Friday, February 26, 2021

Six Rounds with Wittgenstein (Part 4)

Mardsen Hartley, E (1915)

Wittgenstein. Philosophical Investigations (1953). Jibberjab. Back to it.

329. When I think in language, there aren't 'meanings' going through my mind in addition to the verbal expressions: the language is itself the vehicle of thought.

I don't have much to say about this, except that a recurring problem with traditional mentalistic treatments of behavior (verbal or otherwise) assume "thought" needs no definition nor explanation. Nor does "mind" or "meaning." The promiscuity and lability with which these terms are used accounts for much of the inconsistencies, quandaries, and errors Wittgenstein observes throughout the Philosophical Investigations—some of which he might have examined more effectively if he'd made more of an effort to interrogate some of the fundamental terms in his universe of discourse (and refine their definitions where necessary). A categorical prohibition on hypotheses in philosophy nips a lot of potential gibberish in the bud, true—but Wittgenstein's policy of not straying beyond "what we have always known" leaves him stuck with the reductionist descriptions of language and cognition that perpetuate a large portion of the mischief he describes. 

Not that traditional terms of language, intention, meaning, etc. aren't perfectly adequate for casual speech—we have to work with the language we're given, and take the assumptions and conventions baked into it.¹  But Wittgenstein is clearly interested in what's happening in the unexamined margins and interstices of common experience, and those assumptions and conventions hinder his examination.

Saturday, February 20, 2021

Six Rounds with Wittgenstein (Part 3)

Arthur Dove, The Critic (1925)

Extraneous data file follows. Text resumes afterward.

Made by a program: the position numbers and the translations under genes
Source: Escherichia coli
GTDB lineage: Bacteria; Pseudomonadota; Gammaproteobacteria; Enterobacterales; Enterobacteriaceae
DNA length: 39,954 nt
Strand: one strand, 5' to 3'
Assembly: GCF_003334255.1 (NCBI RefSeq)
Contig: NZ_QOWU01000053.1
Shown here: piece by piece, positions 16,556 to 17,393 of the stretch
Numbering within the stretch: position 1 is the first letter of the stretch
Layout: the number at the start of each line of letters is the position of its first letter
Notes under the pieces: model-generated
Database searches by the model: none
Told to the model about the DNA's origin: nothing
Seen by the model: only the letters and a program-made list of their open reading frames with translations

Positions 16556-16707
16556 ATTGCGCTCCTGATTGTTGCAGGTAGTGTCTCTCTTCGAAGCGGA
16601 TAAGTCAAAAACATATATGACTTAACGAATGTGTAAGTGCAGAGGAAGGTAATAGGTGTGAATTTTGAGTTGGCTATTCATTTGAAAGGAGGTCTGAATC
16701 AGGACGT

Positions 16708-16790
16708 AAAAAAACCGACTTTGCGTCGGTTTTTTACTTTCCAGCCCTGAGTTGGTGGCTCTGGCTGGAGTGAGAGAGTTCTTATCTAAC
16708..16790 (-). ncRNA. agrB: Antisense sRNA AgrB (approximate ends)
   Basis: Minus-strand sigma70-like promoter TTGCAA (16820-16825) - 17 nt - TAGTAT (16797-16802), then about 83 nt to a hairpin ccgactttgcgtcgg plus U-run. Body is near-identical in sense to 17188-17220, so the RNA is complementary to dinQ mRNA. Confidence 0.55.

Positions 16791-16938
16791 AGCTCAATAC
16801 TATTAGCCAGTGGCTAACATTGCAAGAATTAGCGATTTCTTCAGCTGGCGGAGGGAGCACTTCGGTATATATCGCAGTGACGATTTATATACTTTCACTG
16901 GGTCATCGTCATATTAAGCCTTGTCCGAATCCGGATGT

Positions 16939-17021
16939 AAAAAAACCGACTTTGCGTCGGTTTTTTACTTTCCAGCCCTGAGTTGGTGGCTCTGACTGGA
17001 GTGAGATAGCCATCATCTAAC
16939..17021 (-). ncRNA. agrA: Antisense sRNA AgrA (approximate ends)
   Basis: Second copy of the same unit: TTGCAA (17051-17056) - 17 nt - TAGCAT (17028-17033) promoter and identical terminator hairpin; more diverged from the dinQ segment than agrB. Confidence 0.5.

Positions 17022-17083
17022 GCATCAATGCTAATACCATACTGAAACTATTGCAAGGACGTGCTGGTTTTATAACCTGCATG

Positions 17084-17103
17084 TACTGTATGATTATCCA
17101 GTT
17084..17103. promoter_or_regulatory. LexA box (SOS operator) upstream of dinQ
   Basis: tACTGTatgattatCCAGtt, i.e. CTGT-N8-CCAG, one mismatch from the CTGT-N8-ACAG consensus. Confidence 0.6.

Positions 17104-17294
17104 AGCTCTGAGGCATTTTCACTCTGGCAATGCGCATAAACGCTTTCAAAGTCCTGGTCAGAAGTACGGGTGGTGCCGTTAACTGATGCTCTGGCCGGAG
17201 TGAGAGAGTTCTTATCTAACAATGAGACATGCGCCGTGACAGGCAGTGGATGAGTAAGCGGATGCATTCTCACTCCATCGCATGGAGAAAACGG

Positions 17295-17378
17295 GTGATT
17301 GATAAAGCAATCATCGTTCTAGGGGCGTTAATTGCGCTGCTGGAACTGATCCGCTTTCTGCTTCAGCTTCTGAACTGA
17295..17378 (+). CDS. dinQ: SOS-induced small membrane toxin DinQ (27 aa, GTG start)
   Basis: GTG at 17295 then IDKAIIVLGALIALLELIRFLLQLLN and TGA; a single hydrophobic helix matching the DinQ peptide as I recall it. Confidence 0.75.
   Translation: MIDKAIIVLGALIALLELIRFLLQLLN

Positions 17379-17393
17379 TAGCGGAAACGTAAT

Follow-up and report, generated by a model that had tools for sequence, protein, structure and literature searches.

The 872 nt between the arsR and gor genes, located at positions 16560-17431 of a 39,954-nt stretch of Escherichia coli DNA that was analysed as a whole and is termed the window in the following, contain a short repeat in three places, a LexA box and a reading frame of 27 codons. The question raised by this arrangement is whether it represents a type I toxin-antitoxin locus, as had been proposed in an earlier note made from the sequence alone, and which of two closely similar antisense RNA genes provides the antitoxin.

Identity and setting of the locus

Before we pull more commentary on Ludwig Wittgenstein's Philosophical Investigations (1953) from the oven, I've got some notes and mea culpas.

Tuesday, February 16, 2021

Six rounds with Wittgenstein (part 2)

Arthur Dove, Nature Symbolized (1911)

Picking up from where we left off...

 101. We want to say that there can't be any vagueness in logic. The idea now absorbs us, that the ideal 'must' be found in reality. Meanwhile we do not as yet see how it occurs there, nor do we understand the nature of this "must". We think it must be in reality; for we think we already see it there.

102. The strict and clear rules of the logical structure of propositions appear to us as something in the background——hidden in the medium of the understanding. I already see them (even though through a medium): for I understand the propositional sign, I use it to say something. 

105. When we believe that that we must find that order, must find the ideal, in our actual language, we become dissatisfied with what are ordinarily called "propositions", "words", "signs".

The proposition and the word that logic deals with are supposed to be something pure and clear-cut. And we rack our brains over the nature of the real sign.——Is it perhaps the idea of the sign? or the idea of the present moment?

All right. I'm going to level with you here.

I wrote four or five paragraphs about the reification of concepts, and then stopped because I wasn't sure how any of it answered what Wittgenstein seemed to be saying.

Then I started over. I composed seven paragraphs (and transcribed a two-paragraph block quote from Hayes, Barnes-Holmes, and Roche's Relational Frame Theory: A Post-Skinnerian Account of Human Language and Cognition (2001) and then scratched it again. Not only was I unsure how any of it addressed Wittgenstein's points, I realized I have no idea what Wittgenstein is trying to get across—and I'm increasingly confident that he wasn't really sure, either. 

Wednesday, February 10, 2021

Six rounds with Wittgenstein (part 1)

Charles Sheeler, Flower Forms (1917)*

Not long ago, the incomparable Taras T. showed me a couple of critical essays he wrote about Scott McCloud, which drew from the Philosophical Investigations (1953) of Ludwig Wittgenstein.¹ The very day after he recommended I read the book for myself, a coworker happened to mention Wittgenstein in conversation, and I asked him if he had a copy of Philosophical Investigations he'd be willing to lend me for a while.

And so now here we are.

Until now I've known next to nothing about Wittgenstein or his work. I seem to recall Apostolos Doxiadis portraying him as a temperamental clown in his graphic novel Logicomix (2008), and the impression I got from any number of times Wittgenstein's name fizzed up out of the ether is of a polarizing figure. Depending on who you ask, he's either the most important philosopher of the twentieth century or a pompous hack.

Come to think of it, these propositions are not mutually exclusive.